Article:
Should a young man actually DIE for a Game - This is a sad story of how misunderstood HCM is and just how dangerous this disease can be. Lisa


Medical screening for Foe questioned

By Frank Dell'Apa, Globe Staff, 7/1/2003

Some of Marc-Vivien Foe's last words were expressed at halftime of the Cameroon-Colombia game last Thursday in Lyon, France. ''Even if it means dying, we must win this match,'' Foe told his teammates.

A half hour later, Foe was pronounced dead after collapsing on the field. There is much speculation about the cause of the death, and certainly more than one factor was involved. FIFA president Sepp Blatter strongly denied any connection to drugs. The heat (temperatures in the low 90s for a 6 p.m. start) and overworked schedule are partly to blame, though Foe had nearly five days rest in between games.

Certainly, the Confederations Cup highlights the overblown international schedule. Manchester City, Foe's team in the Premier League, is scheduled to return to training next week. England's club schedule concluded in May, but Spain's La Liga continued until last weekend. Then there is the Intertoto Cup competition, a qualifier for the UEFA Cup, which started last month and continues into late August.

But, more likely to blame for Foe's death is the exploitative nature of European soccer and the lack of medical scrutiny. Foe likely was not screened for heart problems and, if he was, the diagnosis was ignored. This raises some serious questions about how African players are going to be considered in the future.

Foe apparently was detected to have an enlarged heart -- hypertrophic cardiomyopathy -- when he came to West Ham United, but was cleared because the condition was considered ''normal'' for an African athlete.

''Initially, it seemed that Marc's enlarged heart could present a problem,'' former West Ham manager Harry Redknapp told News of the World. ''But when we sent him to one specialist, they told us that Foe's condition is absolutely normal and common among African athletes, and that because of that we could proceed with the signing of the contract.''

The stakes are high for those determining the fates of players such as Foe. FC Lens brought Foe to France from Canon Yaounde in 1994. After winning the French championship in '98, Foe went to West Ham on transfer worth about $7 million. A year later, Olympique Lyon paid about $10 million for Foe, won the 2002 title, and loaned him to Manchester City.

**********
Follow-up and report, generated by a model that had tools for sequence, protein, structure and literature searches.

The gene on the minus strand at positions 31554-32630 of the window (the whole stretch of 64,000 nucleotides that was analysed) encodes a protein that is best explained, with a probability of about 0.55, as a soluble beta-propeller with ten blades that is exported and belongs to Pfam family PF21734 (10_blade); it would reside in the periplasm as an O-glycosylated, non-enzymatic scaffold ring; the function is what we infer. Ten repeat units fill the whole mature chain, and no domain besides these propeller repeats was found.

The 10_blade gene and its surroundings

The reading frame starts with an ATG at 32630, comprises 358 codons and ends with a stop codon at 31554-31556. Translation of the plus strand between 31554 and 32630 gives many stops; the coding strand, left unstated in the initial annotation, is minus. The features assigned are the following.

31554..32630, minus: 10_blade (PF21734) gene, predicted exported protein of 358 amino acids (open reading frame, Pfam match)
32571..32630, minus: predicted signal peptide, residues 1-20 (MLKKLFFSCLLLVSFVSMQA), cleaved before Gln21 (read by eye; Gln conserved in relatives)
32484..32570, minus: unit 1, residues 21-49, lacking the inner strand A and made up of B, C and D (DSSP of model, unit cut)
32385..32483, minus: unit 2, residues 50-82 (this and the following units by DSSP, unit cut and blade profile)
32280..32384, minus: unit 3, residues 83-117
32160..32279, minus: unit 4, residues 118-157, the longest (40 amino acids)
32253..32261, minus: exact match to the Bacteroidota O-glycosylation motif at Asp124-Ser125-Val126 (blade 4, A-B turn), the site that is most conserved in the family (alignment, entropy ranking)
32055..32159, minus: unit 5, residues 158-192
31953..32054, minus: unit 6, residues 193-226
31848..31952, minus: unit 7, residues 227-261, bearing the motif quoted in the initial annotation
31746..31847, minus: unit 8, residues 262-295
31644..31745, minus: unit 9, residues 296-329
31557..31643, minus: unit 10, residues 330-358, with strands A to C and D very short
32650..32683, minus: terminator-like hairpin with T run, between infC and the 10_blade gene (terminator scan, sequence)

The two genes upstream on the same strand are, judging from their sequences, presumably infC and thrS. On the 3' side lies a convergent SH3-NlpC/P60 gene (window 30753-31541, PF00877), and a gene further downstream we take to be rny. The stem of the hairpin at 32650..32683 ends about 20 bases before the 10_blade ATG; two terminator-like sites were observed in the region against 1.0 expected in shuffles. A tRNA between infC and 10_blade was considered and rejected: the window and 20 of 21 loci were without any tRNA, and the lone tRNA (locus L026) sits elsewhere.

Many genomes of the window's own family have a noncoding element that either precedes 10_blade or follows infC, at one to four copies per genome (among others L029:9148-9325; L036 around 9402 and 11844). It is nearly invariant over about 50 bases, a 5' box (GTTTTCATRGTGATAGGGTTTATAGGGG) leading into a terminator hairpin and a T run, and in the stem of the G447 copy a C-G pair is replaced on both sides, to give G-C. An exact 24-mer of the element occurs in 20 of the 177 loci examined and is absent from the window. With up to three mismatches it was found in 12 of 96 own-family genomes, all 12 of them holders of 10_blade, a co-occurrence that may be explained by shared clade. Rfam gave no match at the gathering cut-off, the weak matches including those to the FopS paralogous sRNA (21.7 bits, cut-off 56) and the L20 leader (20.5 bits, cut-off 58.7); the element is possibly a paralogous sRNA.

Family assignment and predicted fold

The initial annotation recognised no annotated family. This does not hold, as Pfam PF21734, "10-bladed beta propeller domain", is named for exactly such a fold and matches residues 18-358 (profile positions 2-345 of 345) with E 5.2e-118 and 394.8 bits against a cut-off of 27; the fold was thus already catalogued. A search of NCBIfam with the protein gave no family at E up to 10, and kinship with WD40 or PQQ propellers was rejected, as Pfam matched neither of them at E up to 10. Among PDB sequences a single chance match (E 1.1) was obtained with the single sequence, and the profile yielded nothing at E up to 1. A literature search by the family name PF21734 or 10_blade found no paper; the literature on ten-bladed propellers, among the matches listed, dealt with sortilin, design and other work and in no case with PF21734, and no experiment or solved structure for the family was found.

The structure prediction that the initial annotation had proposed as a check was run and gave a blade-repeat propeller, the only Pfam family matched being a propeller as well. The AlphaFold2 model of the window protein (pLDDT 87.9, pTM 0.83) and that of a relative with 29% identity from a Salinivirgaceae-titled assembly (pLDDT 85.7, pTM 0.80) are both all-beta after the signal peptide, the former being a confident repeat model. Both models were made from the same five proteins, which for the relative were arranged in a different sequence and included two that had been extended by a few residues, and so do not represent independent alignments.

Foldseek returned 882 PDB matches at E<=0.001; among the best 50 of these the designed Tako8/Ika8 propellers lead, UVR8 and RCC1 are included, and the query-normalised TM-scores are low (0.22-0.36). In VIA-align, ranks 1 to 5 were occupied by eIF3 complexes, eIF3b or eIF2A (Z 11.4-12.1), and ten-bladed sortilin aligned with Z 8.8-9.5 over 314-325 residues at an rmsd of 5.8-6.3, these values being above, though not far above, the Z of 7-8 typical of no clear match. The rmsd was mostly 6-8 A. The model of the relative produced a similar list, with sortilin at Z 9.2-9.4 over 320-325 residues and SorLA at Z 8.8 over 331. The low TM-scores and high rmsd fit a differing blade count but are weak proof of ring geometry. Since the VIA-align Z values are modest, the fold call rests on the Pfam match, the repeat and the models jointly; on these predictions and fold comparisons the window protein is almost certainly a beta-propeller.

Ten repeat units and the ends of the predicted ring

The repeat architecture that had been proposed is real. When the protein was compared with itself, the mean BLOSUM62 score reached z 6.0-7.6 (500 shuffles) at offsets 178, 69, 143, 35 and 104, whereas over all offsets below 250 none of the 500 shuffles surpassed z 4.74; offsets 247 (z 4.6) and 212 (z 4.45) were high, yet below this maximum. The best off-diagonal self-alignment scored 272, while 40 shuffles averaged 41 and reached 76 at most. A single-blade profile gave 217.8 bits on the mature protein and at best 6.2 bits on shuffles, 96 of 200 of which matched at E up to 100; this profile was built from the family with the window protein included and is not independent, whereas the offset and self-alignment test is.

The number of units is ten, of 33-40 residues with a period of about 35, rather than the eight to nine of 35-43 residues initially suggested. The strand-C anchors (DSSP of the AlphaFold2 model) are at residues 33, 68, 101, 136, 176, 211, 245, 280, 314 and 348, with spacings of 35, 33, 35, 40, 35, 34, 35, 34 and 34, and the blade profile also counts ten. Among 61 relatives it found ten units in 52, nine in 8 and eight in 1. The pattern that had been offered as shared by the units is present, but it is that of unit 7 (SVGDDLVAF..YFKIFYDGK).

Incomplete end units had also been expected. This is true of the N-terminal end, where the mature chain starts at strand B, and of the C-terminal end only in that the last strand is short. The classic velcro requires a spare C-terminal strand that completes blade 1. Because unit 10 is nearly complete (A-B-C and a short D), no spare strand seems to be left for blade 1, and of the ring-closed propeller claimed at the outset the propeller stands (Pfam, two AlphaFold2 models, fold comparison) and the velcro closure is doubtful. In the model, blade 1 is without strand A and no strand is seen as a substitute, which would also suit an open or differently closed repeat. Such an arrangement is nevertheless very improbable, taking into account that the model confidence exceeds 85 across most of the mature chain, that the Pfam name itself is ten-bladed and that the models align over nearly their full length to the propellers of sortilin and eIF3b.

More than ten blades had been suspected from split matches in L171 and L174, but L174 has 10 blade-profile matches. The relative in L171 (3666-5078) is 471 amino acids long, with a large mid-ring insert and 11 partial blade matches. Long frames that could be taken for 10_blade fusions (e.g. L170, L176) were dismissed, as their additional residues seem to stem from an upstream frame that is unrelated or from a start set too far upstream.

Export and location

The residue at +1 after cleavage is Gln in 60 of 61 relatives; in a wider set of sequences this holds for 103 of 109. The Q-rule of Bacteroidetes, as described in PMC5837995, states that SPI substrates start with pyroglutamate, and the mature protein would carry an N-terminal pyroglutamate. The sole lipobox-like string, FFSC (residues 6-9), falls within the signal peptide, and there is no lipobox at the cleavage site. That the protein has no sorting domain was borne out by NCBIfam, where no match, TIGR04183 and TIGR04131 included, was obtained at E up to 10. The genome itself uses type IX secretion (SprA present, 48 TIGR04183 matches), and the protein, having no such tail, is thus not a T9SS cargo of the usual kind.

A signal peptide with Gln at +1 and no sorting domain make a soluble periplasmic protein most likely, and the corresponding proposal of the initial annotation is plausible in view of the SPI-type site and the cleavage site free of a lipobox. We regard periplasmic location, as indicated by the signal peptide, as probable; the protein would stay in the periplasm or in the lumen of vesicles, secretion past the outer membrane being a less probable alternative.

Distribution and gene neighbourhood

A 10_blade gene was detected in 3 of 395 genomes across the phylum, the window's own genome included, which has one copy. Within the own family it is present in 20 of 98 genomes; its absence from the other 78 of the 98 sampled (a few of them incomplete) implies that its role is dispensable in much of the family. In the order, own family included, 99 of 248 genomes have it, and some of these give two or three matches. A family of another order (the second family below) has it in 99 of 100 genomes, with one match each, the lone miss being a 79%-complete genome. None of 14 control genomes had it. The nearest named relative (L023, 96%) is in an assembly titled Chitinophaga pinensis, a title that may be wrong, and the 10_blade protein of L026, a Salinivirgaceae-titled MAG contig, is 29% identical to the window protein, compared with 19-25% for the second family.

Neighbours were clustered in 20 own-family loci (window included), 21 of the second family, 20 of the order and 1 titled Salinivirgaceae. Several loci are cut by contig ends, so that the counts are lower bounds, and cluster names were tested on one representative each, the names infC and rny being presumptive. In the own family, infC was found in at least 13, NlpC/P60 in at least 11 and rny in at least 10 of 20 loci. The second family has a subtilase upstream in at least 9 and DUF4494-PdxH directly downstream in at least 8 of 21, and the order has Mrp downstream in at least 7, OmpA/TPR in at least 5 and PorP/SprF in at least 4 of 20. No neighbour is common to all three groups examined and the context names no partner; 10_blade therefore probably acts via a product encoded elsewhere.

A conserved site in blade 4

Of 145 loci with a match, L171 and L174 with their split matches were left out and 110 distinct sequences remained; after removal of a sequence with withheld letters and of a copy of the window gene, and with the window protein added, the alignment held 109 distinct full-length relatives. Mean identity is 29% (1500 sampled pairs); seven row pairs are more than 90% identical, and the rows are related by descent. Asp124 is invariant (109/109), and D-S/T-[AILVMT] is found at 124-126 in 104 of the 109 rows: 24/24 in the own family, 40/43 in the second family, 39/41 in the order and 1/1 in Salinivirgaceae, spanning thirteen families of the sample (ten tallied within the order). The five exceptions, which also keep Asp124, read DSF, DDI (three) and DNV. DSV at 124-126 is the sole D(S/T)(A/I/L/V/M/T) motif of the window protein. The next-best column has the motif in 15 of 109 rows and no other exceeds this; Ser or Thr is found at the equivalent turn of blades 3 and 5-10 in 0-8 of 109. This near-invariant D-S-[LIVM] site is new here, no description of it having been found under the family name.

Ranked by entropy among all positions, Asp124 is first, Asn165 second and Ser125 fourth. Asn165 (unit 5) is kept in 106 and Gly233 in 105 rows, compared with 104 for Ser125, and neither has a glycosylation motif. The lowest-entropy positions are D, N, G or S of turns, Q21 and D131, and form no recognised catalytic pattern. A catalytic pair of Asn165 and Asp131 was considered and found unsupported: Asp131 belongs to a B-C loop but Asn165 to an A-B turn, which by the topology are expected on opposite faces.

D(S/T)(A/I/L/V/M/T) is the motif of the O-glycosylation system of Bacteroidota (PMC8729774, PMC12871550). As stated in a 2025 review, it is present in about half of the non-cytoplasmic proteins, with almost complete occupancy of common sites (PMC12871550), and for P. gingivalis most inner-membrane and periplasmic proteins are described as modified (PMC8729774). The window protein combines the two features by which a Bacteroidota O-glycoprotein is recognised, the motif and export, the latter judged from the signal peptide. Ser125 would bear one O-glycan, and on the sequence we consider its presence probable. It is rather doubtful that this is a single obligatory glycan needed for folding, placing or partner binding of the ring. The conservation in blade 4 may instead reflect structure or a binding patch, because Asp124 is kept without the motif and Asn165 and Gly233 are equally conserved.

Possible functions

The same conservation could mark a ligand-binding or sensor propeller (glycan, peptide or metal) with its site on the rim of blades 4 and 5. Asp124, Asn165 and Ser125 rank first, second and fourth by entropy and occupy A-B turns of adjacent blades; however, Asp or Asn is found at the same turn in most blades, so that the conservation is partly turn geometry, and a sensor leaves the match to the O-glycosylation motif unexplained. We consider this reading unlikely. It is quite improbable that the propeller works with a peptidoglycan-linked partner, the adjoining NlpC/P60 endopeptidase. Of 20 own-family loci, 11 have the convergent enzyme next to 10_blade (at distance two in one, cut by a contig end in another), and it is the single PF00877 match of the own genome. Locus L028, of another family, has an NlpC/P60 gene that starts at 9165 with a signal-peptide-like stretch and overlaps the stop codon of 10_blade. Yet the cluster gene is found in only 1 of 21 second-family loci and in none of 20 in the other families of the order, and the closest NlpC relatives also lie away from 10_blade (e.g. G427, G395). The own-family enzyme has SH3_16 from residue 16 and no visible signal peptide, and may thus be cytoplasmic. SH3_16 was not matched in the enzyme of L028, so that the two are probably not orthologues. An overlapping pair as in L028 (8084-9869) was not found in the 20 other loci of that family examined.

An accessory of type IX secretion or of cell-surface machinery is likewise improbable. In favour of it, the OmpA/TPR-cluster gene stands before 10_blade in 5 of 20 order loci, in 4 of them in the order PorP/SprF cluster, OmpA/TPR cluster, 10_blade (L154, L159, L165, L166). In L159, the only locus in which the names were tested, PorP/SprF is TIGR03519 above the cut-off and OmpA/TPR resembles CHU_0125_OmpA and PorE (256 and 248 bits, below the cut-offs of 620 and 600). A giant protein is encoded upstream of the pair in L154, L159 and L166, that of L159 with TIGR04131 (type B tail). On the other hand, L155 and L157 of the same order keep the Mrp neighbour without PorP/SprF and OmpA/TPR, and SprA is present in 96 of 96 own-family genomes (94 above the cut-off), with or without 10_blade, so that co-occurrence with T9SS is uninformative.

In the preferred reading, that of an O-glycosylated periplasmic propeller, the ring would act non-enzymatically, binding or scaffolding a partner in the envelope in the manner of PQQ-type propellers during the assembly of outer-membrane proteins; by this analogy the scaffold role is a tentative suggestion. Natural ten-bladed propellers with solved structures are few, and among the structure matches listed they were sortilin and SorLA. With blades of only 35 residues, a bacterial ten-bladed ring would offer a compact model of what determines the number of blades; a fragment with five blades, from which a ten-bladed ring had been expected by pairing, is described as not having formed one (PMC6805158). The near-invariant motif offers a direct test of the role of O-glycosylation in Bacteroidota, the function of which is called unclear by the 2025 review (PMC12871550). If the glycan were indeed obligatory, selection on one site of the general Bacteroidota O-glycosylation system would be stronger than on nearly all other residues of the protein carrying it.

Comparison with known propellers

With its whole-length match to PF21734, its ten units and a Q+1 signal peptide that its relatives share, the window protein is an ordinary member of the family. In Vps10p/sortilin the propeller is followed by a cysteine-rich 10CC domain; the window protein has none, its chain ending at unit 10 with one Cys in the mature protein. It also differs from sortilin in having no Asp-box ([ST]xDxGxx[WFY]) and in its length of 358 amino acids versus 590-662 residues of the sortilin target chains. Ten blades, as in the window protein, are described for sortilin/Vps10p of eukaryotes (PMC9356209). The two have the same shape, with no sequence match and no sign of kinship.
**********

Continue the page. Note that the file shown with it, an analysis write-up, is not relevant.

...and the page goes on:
But physical examination standards differ. Italian officials would have rejected Foe, as they did Nwankwo Kanu after the 1998 World Cup. Ajax doctors cleared Kanu after he arrived from Nigeria, but when he was purchased by Inter, in a routine exam an Italian doctor detected a valve problem that likely would have been fatal. Kanu went to Cleveland for surgery, then to California for a year of recovery and rehabilitation.

The Italian club Treviso last week rejected two players from the Ivory Coast, Yussouf Kone and Adama Niambele, for similar reasons, according to La Gazzetta dello Sport.

''Considering Redknapp's declarations, Foe would not have played in Italy,'' said Alessandro Zenari, the agent who brought Kone and Niambele to Italy. ''In Italy the controls are very strict and they take no risks.''

Real challenge

The person who hired Carlos Queiroz to coach the MetroStars in 1996 and then to analyze and make recommendations about the structure of the US Soccer Federation in '98 was certainly on the right track. Queiroz last week was named manager of Real Madrid, one of the most complicated and demanding of coaching positions in the world.

Winning is not the only concern of Real Madrid, which always wins. Vicente Del Bosque guided Real Madrid to the Spanish championship and was a Luis Figo penalty kick miss away from advancing to the Champions League final, yet was fired. Queiroz will win with Real Madrid, but the question is how much will he win and will he be able to stay in control of the most ego-driven team in the world.

Open door policy FIFA has opened the door to some potentially controversial maneuvering by declaring that players can change national teams, despite having played for another country's junior team.

This means the Brazilian Diego, who is being counted on for Brazil's 2006 World Cup squad, could perform for Italy, pending the acquisition of an Italian passport. Closer to home, US prodigy Freddy Adu could be recruited by Ghana, his native country, which is eager to qualify for the 2006 World Cup.

These are long-shot examples. But several players of African descent who have been involved in France's national team programs at the junior level are expected to repatriate.

The precedent was set on a ruling regarding Tim Cahill, who is of Australian-Samoan descent. Cahill, 23, who now plays for Millwall, had been recruited to perform for Samoa's Under-20 team as a 14-year-old when Cahill's father took the family to Samoa to visit an ill grandmother. In 2000, Australia placed Cahill on the national team for the Sydney Olympics, but FIFA negated the move.

Revolution trio named The Revolution's Adin Brown, Steve Ralston, and Taylor Twellman were named to the US team for the CONCACAF Gold Cup, which begins at Gillette Stadium July 12. The US meets El Salvador in its opener, then Martinique July 14, followed by the quarterfinals July 19 at Gillette Stadium. Brown was called up by coach Bruce Arena for the US-Mexico game in Houston last month but has yet to perform for the senior team; Ralston scored his first US goal in 10 appearances in a 4-0 victory over Canada in January in Fort Lauderdale; Twellman has six caps, but performed only briefly as a substitute in the Confederations Cup because of illness.